Grass, city, and state
By LARRY LEMPERT
(Second of two parts)
IN HIS OPINIONS upholding Ypsilanti's $5 pot
law Washtenaw County Circuit Judge Pat-
rick Conlin has ruled that there is room on
the field of marijuana regulation for enforce-
ment of city law. In effect he has said the
local team can play ball in one corner of the
field even though the state team is carrying on
at the other end.
The state Court of Appeals where the chal-
lenge to Ypsi's ordinance is now pending is like-
ly to reach a second problem. As a rule the
local players who are sharing the field cannot
obstruct the state game; they cannot interfere
with state outfielders when fly balls land in
the local corner.
This is problem number two for the Ann Arbor
and Ypsilanti marijuana laws: do they conflict
with state law?
Conflicts come in various shapes and sizes.
The traditional lore is that the city cannot per-
mit what the state law prohibits nor can it pro-
hibit what state law permits. The local mari-
juana laws however fall into a gray area-like
the state Controlled Substances Act they prohibit
the activity but place differene penalties upon
ASSISTANT COUNTY PROSECUTOR John Hen-
sel responds that the Ypsi ordinance pro-
hibits the activity only in a marginal sense.
"Ypsilanti is not trying to prevent deter or
punish delivery of mariquana" he has written,
"but is rather pretending to do so"
Taking the ordinance at its word, Conlin
has ruled that "lesser penalties do not auto-
matically create a fatal conflict." To an extent,
Michigan cases support this view.
In 1889, for example, the state Supreme Court
upheld a Detroit ordinance that prohibited keep-
ing a "house of ill fame." The ordinance pro-
vided for a fine of up to $500 or imprison-
aent up to 6 months until the fine was paid.
A state law enacted in 1887 made the same
offense a felony, with imprisonment up to 5
But in that case, the legislature had spe-
cifically authorized Detroit to "prohibit, pre-
vent, and suppress the keeping and leasing of
houses of ill fame" and to provide for punish-
ment with fines or imprisonment. The court
ruled only that the subsequent enactment of a
general state law with different penalties was
not intended to repeal this specific, open-ended
authorization. Hence, despite the difference in
penalties, there was no conflict problem.
Ypsilanti City Attorney Ronald Egnor stress-
es that the Controlled Substances Act sets maxi-
mum penalties -- fines and prison terms are
stated in terms of "not more than" a given
dollar amount or number of years. As long as
there has been no preemption, a penalty of $5
is "cot more than" the specified maximum and
is, Egnor argues, not conflicting.
THE MORE SERIOUS conflict questions may
be posed by the provisions in the local
laws that city police officers can bring mari-
juana complaints only to the city attorney.
Under Michigan law, city police officers are
players on both the state and local teams. In
a memorandum to Ann Arbor City Council in
July, 1974, then City Attorney Edwin Pear said
that, under state law and the city charter, "it
is a duty of police officers to enforce both
state laws and city ordinances and charter pro-
visions and to make complaints to the proper
Furthermore, Pear said, the $5 fine for vio.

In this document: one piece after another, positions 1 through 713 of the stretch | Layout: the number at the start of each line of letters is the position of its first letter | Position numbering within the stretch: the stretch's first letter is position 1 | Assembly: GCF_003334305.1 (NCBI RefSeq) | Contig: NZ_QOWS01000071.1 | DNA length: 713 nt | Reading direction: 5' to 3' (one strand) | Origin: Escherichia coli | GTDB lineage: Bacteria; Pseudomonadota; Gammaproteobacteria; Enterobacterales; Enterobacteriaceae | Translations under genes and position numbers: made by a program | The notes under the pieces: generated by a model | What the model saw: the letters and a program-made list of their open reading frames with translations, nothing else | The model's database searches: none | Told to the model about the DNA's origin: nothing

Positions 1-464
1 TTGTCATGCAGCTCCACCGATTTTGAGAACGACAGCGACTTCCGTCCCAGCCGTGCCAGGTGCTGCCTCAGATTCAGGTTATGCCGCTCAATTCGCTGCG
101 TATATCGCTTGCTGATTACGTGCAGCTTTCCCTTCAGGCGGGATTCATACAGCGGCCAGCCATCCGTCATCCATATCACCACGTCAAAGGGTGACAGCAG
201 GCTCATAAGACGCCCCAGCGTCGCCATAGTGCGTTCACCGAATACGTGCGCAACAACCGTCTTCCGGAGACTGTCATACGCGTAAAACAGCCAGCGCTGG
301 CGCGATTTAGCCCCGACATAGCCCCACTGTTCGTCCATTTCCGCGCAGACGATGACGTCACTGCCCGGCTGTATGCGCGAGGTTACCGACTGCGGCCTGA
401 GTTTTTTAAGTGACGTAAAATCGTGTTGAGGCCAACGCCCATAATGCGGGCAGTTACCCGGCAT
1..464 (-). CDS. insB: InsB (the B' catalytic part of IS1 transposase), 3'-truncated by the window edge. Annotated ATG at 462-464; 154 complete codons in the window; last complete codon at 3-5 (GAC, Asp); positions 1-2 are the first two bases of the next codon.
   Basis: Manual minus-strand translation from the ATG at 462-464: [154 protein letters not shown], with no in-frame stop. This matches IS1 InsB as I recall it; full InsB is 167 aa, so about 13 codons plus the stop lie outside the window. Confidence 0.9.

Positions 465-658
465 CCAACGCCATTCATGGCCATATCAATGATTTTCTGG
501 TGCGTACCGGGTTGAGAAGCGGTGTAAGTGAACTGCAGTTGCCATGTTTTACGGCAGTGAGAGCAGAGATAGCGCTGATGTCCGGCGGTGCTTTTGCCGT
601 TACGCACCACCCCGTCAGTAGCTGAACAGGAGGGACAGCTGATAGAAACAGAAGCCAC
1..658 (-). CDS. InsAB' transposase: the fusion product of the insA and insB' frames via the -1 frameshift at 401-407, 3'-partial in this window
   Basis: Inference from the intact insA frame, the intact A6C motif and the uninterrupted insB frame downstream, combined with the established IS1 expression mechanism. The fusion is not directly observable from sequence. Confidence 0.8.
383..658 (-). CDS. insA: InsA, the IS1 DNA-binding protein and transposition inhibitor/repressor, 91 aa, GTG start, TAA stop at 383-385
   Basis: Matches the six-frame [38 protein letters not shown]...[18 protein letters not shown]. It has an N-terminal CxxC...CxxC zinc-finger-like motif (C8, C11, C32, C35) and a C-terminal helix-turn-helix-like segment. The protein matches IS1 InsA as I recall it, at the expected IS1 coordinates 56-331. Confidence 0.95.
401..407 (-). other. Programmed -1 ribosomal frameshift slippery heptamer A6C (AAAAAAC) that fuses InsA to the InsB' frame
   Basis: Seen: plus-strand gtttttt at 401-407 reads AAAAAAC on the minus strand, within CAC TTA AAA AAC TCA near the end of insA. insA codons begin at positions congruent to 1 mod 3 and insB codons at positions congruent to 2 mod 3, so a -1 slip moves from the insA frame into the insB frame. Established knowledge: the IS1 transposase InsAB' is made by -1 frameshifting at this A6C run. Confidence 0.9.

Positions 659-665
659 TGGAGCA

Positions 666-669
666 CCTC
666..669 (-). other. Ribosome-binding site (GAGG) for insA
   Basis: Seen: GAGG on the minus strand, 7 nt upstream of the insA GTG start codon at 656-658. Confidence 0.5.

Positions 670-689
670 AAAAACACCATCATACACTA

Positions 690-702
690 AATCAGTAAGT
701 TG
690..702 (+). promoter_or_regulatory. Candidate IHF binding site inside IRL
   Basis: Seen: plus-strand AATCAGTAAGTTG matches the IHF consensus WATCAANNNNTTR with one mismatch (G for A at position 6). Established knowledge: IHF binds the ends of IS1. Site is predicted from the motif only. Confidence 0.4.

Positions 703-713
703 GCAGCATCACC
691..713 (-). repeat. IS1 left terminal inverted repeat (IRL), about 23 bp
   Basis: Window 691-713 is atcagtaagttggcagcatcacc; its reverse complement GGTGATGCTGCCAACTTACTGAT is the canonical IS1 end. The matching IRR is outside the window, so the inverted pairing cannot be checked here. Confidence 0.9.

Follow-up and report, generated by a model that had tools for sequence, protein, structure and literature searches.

lating the charter amendment's provisions would
apply to a police officer who brought a mari-
juana complaint to a county prosecutor rather
than the city attorney. This created a fatal
conflict with the policy expressed by state law,
Pear concluded, saying, ""The Ann Arbor mari-
juana amendment provides that an officer may
be guilty of a violation of the Charter if he does
what is, under state law and the Charter itself,
his statutory duty."
Finally, the state constitution and the Sixth
Amendment of the U.S. Constitution contains bans
against double jeopardy - trying and punishing
a person twice for the same criminal act. In
the 1970 case of 'Waller vs. Florida,' the U.S.
Supreme Court said that, once a defendant had
been tried under a municipal ordinance, he could
not be prosecuted for the same conduct under
a state statute.
According to Terrance Sandalow, a University
of Michigan law professor who has co-authored
a text on local government law, the 'Waller'
decision is a troublesome precedent for those
who would defend the local marijuana laws.
"BUT FOR 'WALLER'," says Sandalow, "it
might be possible to say that the exist-
tence of the city ordinance does not interfere
with enforcement of the state statute." After
'Waller', he says, the claim is difficult to make.
Mailing in payment of the $5 penalty would in-
sulate a person cited for selling marijuana from
prosecution under the state law, even though
"delivery" under the state statute could have
brought a 4-year prison term.
This is not to say that a decision against
the Ypsilanti ordinance is certain. The court
may see no conflict or, on the basis of 'Waller,'
a total conflict. The court may find no room on
the field for local marijuana regulation, or it
may find ample room. It may uphold the en-
tire ordinance, invalidate the entire ordinance,
or uphold some parts of the ordinance while
Indeed, the court may dispose of the issue
once again on procedural grounds, leaving city
officials, attorneys, and law prfessors to pon-
der questions of preemption and conflict to their
hearts' content. And of course, further appeal to
the state Supreme Court is always a possibili-
ty. Hansel, for one, has said he would appeal
a ruling adverse to his position.
As for marijuana penalties at the state level,
the House of Representatives this spring killed
a much-debated attempt to liberalize the law.